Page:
West Love: Inwood, Harry Hines and Denton Drive

Let’s get our noses out of house porn for a minute to wander through an up and coming neighborhood. DCAD calls it Lovedale 2 (or unappetizingly Slaughters Brookdale), but as far as I know, it has no fancy name to woo buyers to its hipness. It’s pre-hip. If other hip locales cool, maybe this area becomes a hip replacement (boooo, bad pun, bad Jon).

I’ll call it West Love Field or West Love … hmmm, I like that … West Love … and homes are selling FAST! In the hours it took to write this, two of the properties featured below went under contract.

East of Love Field has been in full-on gentrification mode for a while now, only pausing for the recession (as did we all), but West Love hasn’t really gotten any lovin’. It’s loosely bounded by Denton Drive, Harry Hines and Inwood. There are plenty of warehouses on Denton Drive, but there are also a lot of smaller cute starter homes that are a hop from downtown, UTSW and the monkeyshines of the Gayborhood … oh, and Love Field. Perfect for medical folks or air mattresses, trolley dollies in-flight personnel.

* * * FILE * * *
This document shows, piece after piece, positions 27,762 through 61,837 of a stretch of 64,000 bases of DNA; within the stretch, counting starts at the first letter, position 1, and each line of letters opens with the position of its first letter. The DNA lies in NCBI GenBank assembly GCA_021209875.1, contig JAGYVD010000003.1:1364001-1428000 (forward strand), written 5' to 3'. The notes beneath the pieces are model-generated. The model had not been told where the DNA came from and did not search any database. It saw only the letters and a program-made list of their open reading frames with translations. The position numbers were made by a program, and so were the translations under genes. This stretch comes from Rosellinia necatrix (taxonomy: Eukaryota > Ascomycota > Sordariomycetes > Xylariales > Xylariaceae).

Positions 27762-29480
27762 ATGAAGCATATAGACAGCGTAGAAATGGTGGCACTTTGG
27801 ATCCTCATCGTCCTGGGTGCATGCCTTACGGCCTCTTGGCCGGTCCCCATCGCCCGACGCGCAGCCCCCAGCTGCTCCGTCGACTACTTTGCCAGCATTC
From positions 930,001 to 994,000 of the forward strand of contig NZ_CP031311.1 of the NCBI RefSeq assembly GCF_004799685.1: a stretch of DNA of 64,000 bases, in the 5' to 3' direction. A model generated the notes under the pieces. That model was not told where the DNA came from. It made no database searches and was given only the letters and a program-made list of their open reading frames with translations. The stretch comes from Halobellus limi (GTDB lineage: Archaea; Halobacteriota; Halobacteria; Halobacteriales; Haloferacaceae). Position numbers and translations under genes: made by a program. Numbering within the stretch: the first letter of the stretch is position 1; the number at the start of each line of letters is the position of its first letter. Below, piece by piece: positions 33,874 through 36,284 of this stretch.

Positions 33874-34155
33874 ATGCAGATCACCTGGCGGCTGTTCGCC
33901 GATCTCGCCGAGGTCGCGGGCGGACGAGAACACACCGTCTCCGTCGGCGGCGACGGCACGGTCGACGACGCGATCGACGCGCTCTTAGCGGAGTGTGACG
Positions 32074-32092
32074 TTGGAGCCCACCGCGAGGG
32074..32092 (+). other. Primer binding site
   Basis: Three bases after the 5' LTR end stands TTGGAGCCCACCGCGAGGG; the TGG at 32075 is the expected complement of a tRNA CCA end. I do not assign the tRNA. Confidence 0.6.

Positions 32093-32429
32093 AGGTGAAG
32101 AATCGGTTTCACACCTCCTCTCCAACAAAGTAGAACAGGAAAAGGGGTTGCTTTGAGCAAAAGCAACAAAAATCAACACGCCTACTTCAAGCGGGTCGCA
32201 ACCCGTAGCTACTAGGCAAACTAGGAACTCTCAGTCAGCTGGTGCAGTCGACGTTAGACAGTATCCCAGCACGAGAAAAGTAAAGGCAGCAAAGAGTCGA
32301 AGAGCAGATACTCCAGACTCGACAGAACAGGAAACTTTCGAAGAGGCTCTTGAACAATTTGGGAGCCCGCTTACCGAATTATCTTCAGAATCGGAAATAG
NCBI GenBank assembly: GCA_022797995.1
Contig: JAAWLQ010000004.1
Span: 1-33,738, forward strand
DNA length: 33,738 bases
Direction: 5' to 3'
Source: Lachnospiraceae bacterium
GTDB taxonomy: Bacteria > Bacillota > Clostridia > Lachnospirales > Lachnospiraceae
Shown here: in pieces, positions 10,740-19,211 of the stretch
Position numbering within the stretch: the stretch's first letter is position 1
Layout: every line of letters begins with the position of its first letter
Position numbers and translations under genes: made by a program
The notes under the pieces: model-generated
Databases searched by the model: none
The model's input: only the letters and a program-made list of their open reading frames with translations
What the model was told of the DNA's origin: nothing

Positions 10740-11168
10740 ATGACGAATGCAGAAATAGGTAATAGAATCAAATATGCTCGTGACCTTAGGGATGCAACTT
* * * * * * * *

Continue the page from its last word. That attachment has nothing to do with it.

Speaking of the airport … I said, SPEAKING OF THE AIRPORT … Oaklawnians have lived cheek by jowl with Love Field since the beginning (well, since 1917 when it opened as an army pilot training facility). The “Oaklawn Pause” is what happens when a plane flies over during a conversation; it pauses. Homes east and west of Love Field are somewhat better off. Planes take-off and land from the north-south, meaning these east and west areas are not being directly flown over – but what a cool place for a roof deck.